This is an absolutely beautiful first novel by Cummins, and I do love a well-written first novel - it bodes well for the future. An Irish writer, Cummins sets this story in 1959 Ireland, following an Irish family of rovers. Known as Pavees, or travelers, or inaccurately as Gypsies, the Hurley family lives a thousand-year tradition of the ancient Irish. Moving from town to town in their traveling wagons, the Hurleys are vilified and reviled everywhere they go. The main character is an absolutely delightful 12 year-old boy named Christy, with his sidekick cousin to provide the earthiness and reality of the traveling lifestyle. In order to take their first communion, the family must settle down in a town, necessitating attendance at a Catholic school, which comes with the relentless abuse from the other children. But in Christy, Cummins has created a wise, introspective, young boy who persistently searches for answers about his dead mother, the meaning of his grandfather's death, and a way to live in a world that hates his way of life. This is a 'coming of age' story with great heart and soul that gives one insight into a way of life of which we know little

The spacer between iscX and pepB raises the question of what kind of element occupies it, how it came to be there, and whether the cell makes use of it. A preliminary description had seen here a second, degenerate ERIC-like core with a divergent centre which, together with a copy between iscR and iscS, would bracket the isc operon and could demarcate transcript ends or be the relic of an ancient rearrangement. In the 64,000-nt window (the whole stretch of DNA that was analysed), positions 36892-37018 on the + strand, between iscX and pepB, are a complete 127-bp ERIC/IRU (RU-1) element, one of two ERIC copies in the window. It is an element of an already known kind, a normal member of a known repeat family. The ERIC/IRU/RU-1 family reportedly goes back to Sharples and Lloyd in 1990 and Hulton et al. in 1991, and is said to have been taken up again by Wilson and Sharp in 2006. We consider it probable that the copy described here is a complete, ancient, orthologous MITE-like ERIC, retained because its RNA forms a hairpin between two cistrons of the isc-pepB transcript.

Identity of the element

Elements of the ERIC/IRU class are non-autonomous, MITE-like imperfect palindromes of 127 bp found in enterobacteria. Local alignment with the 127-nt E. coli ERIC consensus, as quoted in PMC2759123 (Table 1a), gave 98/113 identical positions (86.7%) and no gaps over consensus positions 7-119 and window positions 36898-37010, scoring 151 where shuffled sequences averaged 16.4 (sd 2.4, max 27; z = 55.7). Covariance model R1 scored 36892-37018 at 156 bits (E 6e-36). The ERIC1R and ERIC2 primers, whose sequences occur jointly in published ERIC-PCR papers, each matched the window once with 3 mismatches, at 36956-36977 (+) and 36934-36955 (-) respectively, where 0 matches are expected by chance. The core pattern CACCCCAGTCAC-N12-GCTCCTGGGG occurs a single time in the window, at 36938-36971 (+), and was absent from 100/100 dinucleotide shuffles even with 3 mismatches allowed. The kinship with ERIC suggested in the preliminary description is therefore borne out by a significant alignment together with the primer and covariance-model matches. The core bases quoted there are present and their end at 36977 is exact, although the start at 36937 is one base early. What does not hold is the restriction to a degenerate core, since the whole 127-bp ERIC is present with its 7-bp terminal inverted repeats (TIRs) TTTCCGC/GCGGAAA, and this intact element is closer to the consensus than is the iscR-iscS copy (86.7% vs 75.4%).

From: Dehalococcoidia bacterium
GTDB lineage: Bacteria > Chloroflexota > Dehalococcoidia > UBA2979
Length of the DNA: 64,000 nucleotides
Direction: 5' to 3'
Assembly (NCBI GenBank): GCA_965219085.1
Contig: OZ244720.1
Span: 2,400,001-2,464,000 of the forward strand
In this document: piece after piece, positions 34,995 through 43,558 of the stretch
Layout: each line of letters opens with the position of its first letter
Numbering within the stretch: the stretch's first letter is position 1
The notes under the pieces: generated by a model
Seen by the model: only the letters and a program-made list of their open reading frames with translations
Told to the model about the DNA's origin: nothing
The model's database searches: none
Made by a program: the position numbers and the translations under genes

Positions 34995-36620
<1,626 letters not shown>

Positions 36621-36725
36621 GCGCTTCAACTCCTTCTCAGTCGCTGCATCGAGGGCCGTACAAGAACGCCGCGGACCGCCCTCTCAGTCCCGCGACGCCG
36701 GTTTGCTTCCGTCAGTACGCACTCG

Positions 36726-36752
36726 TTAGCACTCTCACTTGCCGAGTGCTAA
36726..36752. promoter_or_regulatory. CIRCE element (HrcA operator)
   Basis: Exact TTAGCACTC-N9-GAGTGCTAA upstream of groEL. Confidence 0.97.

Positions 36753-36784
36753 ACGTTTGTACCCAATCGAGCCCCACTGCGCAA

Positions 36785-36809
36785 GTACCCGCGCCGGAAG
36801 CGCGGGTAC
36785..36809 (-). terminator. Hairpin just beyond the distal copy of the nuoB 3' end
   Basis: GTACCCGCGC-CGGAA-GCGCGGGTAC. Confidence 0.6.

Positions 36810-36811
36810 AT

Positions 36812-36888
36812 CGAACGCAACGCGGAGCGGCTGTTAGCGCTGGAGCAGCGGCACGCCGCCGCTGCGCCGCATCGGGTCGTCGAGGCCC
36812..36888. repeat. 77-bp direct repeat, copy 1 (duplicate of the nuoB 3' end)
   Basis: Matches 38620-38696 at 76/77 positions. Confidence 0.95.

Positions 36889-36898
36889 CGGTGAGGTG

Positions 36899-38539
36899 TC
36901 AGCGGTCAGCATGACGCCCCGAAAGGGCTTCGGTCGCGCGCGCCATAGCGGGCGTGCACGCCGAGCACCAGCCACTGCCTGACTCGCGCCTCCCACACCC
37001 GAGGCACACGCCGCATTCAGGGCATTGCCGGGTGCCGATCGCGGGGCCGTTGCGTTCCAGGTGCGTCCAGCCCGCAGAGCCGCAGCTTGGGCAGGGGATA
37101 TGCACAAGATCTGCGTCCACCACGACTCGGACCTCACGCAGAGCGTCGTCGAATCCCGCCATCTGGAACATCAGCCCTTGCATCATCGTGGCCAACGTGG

. I give it a heartfelt, resounding recommendation.